For the love of UCC

Last year, I HATED contracts. If I had a stronger word than hate, I would use it. It was the bane of my existence and having the class at 8:30 clearly didn’t help. This year, I thought it would be a great idea to take a Uniform Commercial Code class so I didn’t have to teach myself for the bar exam.

I thought I would hate it. Friends I talked to about the class decisively responded with “I’m sorry”. In reality though, I love it! I’m taking Secured Transactions which covers Article 9. It’s not terrible and I have an awesome professor for it. I guess sometimes you really just don’t know what’s going to peak your interest.


Don’t be scared of your professors

At the beginning of my 1L year, I was terrified of my professors. Were they going to judge me? Was I asking a stupid question? Am I bothering them? Let me answer all of those right now: no, no, and no. First off, professors are NOT going to judge you. I guarantee whatever comes out of your mouth is not the stupidest thing a law student has ever said to them; trust me. In law school, the old “no such thing as a stupid question” still holds true. Now, there is a difference between asking questions in class and after class or during office hours but for the most part, there are no stupid question. Especially 1L year. Professors also don’t get bothered by students asking questions. You’re engaging in the material; you’re keeping up on the class and that’s a good thing.

Professors are not people you need to be afraid of. Right now, they are steps ahead of you in life but as soon as you graduate (or pass the bar depending on how you look at it), you are on the same level as them; you are a lawyer. In my experience, most professors treat you like lawyers and understand they are teaching groups of twenty-somethings, not children. It may seem intimidating when you have to ask them the most basic “what is battery?” type question but at one point, whether it was 10 years ago or fifty years ago, they were in your place too. Everyone starts at the same beginning in law school. Very few people come in with prior knowledge of the law and for me, that acts as an equalizer between classmates. Professors remember what that’s like. If you can’t ask your professor, who is well versed in a subject of law, a question, who can you ask?


A rough few weeks

For whatever reason my inability to focus has completely come back. I’ll sit in class and instead of listen or take notes, I will find absolutely anything else to do. I don’t know if I just don’t care, I have a naive idea I already understand what’s going on or if I’m really just that dumb. Either way, hopefully switching to a spiral instead of my laptop will help.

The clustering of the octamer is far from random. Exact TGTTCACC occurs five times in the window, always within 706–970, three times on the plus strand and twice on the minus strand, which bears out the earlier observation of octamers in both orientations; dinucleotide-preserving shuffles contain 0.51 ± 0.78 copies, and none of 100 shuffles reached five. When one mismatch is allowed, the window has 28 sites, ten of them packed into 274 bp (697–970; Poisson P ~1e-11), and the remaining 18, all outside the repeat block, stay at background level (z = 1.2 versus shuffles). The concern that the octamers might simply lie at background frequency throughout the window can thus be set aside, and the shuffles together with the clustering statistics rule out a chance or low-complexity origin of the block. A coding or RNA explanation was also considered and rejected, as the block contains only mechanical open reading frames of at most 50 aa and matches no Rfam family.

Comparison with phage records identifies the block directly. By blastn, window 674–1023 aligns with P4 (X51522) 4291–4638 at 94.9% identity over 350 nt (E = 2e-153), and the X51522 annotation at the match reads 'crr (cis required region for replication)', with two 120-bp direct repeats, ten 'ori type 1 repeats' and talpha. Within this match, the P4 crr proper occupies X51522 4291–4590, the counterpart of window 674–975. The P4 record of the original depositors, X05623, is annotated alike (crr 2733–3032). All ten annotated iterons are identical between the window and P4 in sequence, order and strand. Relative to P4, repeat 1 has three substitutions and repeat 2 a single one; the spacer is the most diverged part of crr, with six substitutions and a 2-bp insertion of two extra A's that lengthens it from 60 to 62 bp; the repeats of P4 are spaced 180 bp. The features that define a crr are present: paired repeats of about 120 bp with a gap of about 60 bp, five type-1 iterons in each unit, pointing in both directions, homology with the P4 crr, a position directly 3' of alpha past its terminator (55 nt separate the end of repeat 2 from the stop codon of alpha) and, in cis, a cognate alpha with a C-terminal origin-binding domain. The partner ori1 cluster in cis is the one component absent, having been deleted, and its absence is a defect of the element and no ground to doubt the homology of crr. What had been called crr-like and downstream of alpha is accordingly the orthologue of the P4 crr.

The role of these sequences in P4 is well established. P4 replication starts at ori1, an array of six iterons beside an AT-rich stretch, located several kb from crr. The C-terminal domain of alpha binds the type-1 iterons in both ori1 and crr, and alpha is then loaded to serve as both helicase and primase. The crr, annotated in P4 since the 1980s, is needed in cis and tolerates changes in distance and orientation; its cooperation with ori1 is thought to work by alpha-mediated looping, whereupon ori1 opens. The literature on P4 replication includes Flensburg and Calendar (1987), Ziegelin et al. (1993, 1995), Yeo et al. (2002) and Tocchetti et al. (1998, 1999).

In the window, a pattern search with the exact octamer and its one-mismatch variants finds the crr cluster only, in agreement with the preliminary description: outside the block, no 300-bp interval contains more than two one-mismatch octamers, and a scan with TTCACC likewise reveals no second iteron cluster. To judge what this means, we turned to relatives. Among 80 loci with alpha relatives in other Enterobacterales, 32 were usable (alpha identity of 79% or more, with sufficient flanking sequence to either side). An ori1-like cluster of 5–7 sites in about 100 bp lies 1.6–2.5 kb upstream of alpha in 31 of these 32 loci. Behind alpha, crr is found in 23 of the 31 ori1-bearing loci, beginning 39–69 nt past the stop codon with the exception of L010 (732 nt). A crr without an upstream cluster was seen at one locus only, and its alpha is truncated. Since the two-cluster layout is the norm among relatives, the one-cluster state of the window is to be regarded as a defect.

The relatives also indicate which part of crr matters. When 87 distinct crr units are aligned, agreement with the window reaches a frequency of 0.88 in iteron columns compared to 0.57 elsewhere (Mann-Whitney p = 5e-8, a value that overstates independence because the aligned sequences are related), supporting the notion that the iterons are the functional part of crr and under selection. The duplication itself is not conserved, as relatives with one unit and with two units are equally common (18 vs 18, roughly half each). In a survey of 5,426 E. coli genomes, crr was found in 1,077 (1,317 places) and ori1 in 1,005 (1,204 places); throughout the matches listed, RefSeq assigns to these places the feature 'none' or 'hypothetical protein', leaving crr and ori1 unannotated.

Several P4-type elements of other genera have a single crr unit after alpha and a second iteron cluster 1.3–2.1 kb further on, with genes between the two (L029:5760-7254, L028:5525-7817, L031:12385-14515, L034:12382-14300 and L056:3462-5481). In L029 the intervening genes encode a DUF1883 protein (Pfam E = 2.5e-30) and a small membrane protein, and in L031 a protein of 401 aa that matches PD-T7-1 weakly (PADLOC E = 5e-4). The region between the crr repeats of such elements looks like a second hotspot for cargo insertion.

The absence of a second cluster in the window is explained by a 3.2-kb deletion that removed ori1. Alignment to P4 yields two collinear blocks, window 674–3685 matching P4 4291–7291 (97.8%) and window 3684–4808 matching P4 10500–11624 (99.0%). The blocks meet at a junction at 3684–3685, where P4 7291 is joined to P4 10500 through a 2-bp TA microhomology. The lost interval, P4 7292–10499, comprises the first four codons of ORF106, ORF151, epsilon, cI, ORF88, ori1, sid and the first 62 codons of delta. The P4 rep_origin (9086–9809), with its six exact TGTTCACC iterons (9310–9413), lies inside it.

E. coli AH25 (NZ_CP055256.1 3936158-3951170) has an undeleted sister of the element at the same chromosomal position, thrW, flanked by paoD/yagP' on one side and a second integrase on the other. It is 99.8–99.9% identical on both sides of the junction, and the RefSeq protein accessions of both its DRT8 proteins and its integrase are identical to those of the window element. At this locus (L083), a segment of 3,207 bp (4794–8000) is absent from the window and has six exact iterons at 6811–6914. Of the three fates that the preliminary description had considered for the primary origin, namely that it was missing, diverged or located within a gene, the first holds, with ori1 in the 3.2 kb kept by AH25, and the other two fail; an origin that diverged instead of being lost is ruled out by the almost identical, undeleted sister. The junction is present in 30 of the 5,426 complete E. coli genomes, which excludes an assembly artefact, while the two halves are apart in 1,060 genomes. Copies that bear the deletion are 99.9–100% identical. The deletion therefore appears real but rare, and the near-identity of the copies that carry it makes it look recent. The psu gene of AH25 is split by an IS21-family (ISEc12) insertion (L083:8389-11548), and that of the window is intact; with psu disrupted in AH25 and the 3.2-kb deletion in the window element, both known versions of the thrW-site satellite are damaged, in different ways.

But, today was actually really well. I think I’m finally starting to feel like I fit in here and that I have the ability to do well in law school. Even though I’m happy and feel good, I have this nagging feeling that it’s the calm before the storm. Finals are coming up and I do not handle stress well at all. I don’t know how I’m going to handle things in the upcoming weeks but for now, I just want to focus on being happy and loving my life.


The Socratic Method

Sometimes the Socratic method is just downright brutal to watch. I’ve never been called on when I hadn’t done the reading or been prepared (thank goodness), but lately I’ve noticed more and more classmates getting the unlucky call. Now, I’m not putting myself on a pedestal saying I’ll never mess up or never be unprepared for a class but so far, I’ve been lucky. I’ve started to notice there are a few different types of students who get called on and watching them get through it is heartbreaking.

1. “I’m unprepared”


Alright, I understand being unprepared for class. I really do. I just don’t understand why there is no attempt to even try. Pull up a brief online, look over notes from last class, ANYTHING! As soon as “I’m not prepared” comes out of someone’s mouth, I instantly see the look of regret on their face because they know the professor is not going to be happy.

2. “I don’t know the answer to that”


These are the students who flat out admit they have NO idea how to answer a question. I do give them a ton of credit for admitting they are as clueless as the rest of the class. Some professors move on and it’s no big deal, some lead them in the right direction. The worse are the professors who say “I don’t care give me an answer anyway”. That’s when it gets difficult to watch.